We ran our first parkrun on the 2nd of November 2013. Our inaugural parkrun took place at Ebotse, in our hometown of Benoni in sunny South Africa. Little did we know then just how important this event would become to us.
A few years came and went and we ran through South Africa’s mostly mild winters and extremely hot +30 degree summers. But still we did not realise how our attachment to parkrun was steadily growing. Back then it was just something we sometimes did on a Saturday.
By 2016 we figured out we were hooked. Running had become an integral part of our life and parkrun was the driving force behind that. Because of parkrun, we had the privilege of running alongside someone we truly admired and one of our country’s heroes. 9-time Comrades Marathon winner and founder of parkrun South Africa – Bruce Fordyce. At that time we mentioned to him our ambitions of moving to Sweden and starting a parkrun for the Swedes.
We misjudged things somewhat. Firstly, we didn’t know that a parkrun would begin in Stockholm just a few months after that conversation. Secondly, we did not take into account just how popular it would be with expats too… what an incredible gathering of international people we’ve seen. And thirdly, we failed to consider the most important thing of all. Minus temperatures and heaps upon heaps of ice and snow.
Adapting to icy conditions was the least of our worries though. We moved to Sweden on 28 December 2016 with no friends, family or connections here to support us. But there was one special thing we could count on… Haga parkrun. 3 days later, on December 31st, as we had every single Saturday for the last few months, we made our way to parkrun. This little bit of routine was indescribably comforting. It was like a security blanket in this exciting but strange new world. And we were not disappointed. Just like back home, the welcome and sense of community we received was astonishing. We immediately felt at home.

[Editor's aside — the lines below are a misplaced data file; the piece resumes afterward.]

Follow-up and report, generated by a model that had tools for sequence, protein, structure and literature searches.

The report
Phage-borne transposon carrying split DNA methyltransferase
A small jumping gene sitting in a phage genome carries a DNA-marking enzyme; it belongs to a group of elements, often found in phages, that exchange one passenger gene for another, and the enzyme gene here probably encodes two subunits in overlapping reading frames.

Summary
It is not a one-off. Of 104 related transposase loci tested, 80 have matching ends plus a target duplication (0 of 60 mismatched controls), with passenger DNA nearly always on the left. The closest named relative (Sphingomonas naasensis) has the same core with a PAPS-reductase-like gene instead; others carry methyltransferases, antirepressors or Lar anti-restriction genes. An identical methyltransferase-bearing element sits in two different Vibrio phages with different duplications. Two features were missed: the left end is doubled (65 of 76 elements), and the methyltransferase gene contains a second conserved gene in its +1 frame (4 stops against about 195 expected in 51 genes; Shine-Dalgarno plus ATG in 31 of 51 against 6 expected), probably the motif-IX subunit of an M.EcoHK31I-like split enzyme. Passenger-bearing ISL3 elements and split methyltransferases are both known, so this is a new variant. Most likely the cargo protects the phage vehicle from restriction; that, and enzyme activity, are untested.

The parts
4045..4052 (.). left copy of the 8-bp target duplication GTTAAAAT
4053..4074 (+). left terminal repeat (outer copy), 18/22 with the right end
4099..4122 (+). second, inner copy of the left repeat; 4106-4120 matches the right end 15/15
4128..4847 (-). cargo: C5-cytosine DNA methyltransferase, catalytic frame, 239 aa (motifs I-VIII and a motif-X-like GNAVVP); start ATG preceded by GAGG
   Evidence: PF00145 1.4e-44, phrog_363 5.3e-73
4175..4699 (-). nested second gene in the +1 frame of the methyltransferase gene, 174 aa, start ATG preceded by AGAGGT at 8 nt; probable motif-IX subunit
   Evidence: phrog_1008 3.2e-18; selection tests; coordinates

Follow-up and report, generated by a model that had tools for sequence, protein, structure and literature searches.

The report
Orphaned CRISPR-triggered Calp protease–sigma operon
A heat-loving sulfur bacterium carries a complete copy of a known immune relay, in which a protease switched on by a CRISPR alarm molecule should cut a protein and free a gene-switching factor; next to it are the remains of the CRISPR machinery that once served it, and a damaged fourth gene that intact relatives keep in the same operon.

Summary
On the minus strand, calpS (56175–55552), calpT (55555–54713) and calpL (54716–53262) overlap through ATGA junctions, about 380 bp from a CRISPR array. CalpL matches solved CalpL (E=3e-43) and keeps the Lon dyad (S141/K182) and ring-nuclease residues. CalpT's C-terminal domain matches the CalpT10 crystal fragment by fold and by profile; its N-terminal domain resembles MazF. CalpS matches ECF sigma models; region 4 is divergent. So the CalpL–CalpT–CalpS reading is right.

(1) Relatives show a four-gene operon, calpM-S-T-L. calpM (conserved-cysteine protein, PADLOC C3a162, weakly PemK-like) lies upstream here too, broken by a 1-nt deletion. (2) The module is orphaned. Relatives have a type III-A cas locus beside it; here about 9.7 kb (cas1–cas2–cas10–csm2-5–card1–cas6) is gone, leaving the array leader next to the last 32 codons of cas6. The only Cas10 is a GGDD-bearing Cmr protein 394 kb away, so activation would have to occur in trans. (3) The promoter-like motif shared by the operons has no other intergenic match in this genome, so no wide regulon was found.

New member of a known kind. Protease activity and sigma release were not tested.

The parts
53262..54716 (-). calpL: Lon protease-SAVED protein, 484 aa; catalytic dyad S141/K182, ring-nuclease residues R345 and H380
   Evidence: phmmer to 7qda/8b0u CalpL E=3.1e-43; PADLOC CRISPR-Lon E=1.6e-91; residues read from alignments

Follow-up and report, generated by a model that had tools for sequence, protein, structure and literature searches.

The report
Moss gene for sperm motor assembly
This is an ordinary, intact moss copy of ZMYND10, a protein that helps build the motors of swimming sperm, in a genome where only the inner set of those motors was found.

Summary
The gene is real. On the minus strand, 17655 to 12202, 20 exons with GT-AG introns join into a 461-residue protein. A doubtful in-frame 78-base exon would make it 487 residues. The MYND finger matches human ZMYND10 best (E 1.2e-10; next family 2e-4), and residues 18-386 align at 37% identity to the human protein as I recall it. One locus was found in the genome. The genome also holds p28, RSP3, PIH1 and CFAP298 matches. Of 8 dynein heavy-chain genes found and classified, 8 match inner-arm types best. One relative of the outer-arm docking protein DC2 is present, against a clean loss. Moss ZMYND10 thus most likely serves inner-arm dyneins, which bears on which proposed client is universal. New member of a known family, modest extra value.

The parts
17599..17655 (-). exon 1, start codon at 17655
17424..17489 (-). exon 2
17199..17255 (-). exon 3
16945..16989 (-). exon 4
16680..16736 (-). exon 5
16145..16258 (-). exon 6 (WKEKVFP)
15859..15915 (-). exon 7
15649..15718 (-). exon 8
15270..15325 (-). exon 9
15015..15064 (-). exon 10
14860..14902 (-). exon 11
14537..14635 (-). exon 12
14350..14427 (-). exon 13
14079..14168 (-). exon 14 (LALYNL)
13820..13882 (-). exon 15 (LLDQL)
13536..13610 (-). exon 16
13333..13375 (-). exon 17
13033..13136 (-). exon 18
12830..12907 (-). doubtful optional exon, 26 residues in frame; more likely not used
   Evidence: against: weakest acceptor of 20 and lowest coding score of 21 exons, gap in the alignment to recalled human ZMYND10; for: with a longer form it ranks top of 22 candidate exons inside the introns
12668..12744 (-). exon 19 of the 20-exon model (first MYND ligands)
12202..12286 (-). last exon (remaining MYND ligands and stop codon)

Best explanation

Growing up in SA, we rarely ran in temperatures less than 5oC. To us that was freezing! Almost too cold to run! How we laugh at that idea now. Adjusting to running in temperatures of -5 and on ice and snow probably knocked quite a few minutes off our time! It never crossed our minds that it would be so challenging! What an amazing training opportunity it has been.
One thing that was surprising was the space available to run. We ran various parkruns in SA and most totaled 500 – 1000 runners each week. Our home run of Gilloolys averaged 800. Only 36 people braved the cold that day at Haga – but what wonderful spirit! Time and again we hear people marvel at the sense of community at parkrun; everyone is welcome.
We guess at the end of the day, that’s what it’s all about for us. Yeah, we do race against our own record every single Saturday, and sure we absolutely love the fika after the run, but most of all we enjoy the feeling of belonging to a group of people who share something so simple with us: the dedication to spreading health and fitness in a fun, free and accessible way.
Each week, throughout the world, runners and walkers gather on a Saturday morning at a parkrun event to run or walk 5 km. Many ‘parkrunners’ have become firmly committed to attending each week. These parkrunners have progressed from initially becoming aware of the weekly event to professing allegiance and even feeling a bit ‘odd’ if…
Across the Nordics, four events survived the weather last weekend, with the long-awaited return of Toyen parkrun in Oslo, together with Tampere in Finland and Haga and Huddinge in Sweden. It was cold and snowy across all events, but that didn’t dampen the spirits of the people taking part as you can see from…